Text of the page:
Interview with Joseph Nechvatal – Part 4

by Taney Roniger

fundament vOlupté. 2011. by Joseph Nechvatal. 66 x 44 inches, 167.64 x 111.76 cm computer-robotic assisted acrylic on velvet

TR: I recently read Bruno Latour’s We Have Never Been Modern, and I was struck by what seems to be a movement toward becoming a little bit more friendly toward the object world – the non-human realm. It’s not entirely off limits to us anymore, in other words – with our subjectivity “over here,” and it “over there.” That perhaps the twain can meet after all.

JN: Yes, that is central to the Speculative Realists. Their whole jumping off point is refuting Kant. Correlationism is the big thing they’re trying to escape – where we can only understand the world because we have this human spectrum of perception, and so that’s Being. And they say no to that, that being is post-human – it’s much bigger than us. Again, that brings us back to the sublime and transcendental metaphysics and all that. So, in a nutshell, they basically say: We have to explore philosophy and being – ontology – outside of the Kantian strictures. 

TR: And that we can do that; it’s not beyond our capacities.

JN: And science fiction and speculation and art are all part of that because they’re very much into systems, the environment, the cosmos. I mean, that’s why I named my show nOise anusmOs, because it’s anus and cosmos linked. It’s a real area that we have to explore and try to comprehend but it is tough.

TR: I see so many parallels between what you’re talking about and your working process. Here’s my understanding of the process, and correct me if I’m wrong: You and your programmer author a piece of viral code, which is then inserted into a selected image from your database of previous works. As the viral code transforms the image by altering its colors and configurations, you select “stills” from the process from which paintings will be made. During the painting process, your hand does not touch the canvas; rather, the application is made by a robotic device acting on commands issued by the computer. 

The whole thing strikes me as a sort of wonderful dance – a dialectic, perhaps — between human agency and non-human processes. You don’t seem to privilege one over the other; it’s just this back and forth.

JN: I would not ever say a dialectic, because I don’t believe in dialectics. Deleuze completely does away with dialectics. It’s too limiting. Because you have all the little differences in between the polarities – all those micro-areas that are far more rich and interesting and complex. So I would say: dialogue, but not a dialectic. A conversation or dance.

TR: When you’re selecting your host images for a viral attack, is it significant that they’re always your own images, your own prior works?

JN: Yes. The only other example I used in an attack was two paintings of Andy Warhol’s money paintings, which I just did for a short little YouTube thing, because that was a specific thing for the Occupy Wall Street blog that I was happy to participate in. Otherwise, no. It’s got to be within the family. It’s not applicable for all things, in my mind. Or it would lose its meaning, it would dilute its usefulness.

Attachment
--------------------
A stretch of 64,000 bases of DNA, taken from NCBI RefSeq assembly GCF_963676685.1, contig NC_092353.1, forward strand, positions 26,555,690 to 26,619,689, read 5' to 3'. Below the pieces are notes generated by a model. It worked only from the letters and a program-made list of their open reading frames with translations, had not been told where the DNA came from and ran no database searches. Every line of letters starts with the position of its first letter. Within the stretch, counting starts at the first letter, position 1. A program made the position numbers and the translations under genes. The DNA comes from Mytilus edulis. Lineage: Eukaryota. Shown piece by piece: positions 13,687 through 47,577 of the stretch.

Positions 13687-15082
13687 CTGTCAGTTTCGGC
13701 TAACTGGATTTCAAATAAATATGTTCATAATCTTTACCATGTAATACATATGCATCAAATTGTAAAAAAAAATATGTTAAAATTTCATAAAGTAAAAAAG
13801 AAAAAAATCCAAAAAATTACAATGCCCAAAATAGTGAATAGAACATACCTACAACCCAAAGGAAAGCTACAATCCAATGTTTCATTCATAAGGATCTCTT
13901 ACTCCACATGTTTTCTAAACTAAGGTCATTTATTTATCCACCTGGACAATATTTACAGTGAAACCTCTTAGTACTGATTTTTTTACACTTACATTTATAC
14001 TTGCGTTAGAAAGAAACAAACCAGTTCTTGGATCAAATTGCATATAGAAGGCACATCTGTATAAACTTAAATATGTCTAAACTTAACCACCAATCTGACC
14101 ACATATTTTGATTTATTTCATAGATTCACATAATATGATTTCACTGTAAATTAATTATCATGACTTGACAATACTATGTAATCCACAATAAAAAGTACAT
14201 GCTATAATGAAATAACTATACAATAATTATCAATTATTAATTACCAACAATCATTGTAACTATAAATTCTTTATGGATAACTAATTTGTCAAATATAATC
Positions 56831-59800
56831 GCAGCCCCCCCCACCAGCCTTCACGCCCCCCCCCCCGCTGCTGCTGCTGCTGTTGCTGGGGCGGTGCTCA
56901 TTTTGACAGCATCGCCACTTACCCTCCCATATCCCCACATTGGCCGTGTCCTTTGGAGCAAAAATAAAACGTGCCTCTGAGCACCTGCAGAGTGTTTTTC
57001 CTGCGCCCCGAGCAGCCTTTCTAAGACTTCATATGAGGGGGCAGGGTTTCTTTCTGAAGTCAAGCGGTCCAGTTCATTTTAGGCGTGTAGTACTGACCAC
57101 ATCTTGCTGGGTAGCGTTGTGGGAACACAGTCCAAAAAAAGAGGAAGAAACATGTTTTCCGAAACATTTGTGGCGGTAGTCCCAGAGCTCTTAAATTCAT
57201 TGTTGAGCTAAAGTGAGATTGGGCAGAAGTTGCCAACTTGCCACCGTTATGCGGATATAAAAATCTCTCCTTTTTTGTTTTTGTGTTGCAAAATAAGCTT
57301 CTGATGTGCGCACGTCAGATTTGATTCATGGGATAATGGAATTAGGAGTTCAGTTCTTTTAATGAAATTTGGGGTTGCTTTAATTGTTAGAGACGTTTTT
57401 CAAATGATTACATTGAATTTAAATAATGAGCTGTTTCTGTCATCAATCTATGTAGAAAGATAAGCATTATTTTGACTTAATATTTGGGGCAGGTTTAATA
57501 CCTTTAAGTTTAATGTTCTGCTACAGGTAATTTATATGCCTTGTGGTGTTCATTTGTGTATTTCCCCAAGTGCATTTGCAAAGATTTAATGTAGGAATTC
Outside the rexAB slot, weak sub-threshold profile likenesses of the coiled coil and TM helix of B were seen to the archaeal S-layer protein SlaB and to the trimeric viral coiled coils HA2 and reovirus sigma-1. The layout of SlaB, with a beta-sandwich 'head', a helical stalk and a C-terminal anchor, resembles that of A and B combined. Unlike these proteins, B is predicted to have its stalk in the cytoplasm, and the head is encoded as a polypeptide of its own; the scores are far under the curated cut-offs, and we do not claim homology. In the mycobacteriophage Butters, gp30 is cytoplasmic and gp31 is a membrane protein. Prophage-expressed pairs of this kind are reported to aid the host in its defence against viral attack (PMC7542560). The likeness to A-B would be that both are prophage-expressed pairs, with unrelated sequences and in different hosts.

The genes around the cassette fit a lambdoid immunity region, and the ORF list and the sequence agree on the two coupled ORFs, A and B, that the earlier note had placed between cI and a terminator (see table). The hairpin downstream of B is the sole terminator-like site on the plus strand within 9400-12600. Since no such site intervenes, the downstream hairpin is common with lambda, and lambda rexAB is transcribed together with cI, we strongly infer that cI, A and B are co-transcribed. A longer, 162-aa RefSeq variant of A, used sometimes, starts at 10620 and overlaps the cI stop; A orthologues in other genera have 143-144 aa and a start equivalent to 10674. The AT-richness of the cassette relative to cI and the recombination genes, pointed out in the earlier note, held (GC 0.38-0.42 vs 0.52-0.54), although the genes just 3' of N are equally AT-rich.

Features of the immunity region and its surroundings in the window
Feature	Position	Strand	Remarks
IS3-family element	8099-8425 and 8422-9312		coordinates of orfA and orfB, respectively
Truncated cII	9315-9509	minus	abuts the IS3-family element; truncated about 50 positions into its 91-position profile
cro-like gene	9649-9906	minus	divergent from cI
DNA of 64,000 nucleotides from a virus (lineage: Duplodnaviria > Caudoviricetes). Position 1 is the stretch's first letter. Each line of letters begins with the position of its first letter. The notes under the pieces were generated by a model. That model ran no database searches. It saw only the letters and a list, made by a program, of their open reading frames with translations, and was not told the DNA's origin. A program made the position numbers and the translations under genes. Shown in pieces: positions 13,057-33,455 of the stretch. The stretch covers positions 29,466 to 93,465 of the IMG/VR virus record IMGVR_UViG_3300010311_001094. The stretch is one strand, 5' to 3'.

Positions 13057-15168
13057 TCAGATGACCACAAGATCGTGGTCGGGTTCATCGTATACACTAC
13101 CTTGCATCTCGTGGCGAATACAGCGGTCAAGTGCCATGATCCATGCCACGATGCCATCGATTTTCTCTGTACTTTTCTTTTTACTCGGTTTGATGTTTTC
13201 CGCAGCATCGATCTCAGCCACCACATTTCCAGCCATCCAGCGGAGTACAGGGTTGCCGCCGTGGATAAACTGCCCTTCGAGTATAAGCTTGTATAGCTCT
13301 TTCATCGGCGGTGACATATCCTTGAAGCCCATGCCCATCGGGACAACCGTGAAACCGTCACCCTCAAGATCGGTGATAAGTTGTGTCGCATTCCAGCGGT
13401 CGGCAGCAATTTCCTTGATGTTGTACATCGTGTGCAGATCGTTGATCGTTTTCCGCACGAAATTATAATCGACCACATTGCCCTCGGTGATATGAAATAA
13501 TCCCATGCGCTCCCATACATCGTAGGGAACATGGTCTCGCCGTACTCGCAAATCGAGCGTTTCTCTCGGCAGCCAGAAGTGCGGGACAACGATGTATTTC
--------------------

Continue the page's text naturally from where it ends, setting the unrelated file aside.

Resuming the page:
TR: You mean if you took an image from…well, from anywhere out there in the culture. You could conceivably do this to any image, right? And interesting things would happen.

JN: Absolutely. It could be any image. And then the question is why. That’s why when I talk about losing focus and the impact getting lost, that’s exactly what I’m talking about. If it’s any image, then why any one image? So I’m trying to maintain its function as art. I think I talked about that in the introduction of the book that it’s important to maintain this – even if artificially constructed – definition of art as something other. As a form of ideology. That’s what artists are supposed to do: challenge ways of thinking.

TR: That certainly comes across in your work. So thinking about thinking is really important.

JN: I do think so. That’s why I try not to make too much of a division between my philosophizing and my artistic creation. I mean, I’m not a philosopher, hard-core. But even Nietzsche himself said that the ideal philosopher would be an artist. And I’m trying to live that out, at least on a mini-scale, at least for my life. Yeah – keep it moving back and forth between the categories but not looking for homogenization, looking for those differences which make for creation, that suggest new avenues of creation. Difference is novelty. I believe that art should try to be something novel, and I do believe in innovation and invention. And I don’t fall prey to these postmodernist myths of stasis and decay and repetition and simulation. That’s a trap you can fall in if you want to, but I don’t want to go there.


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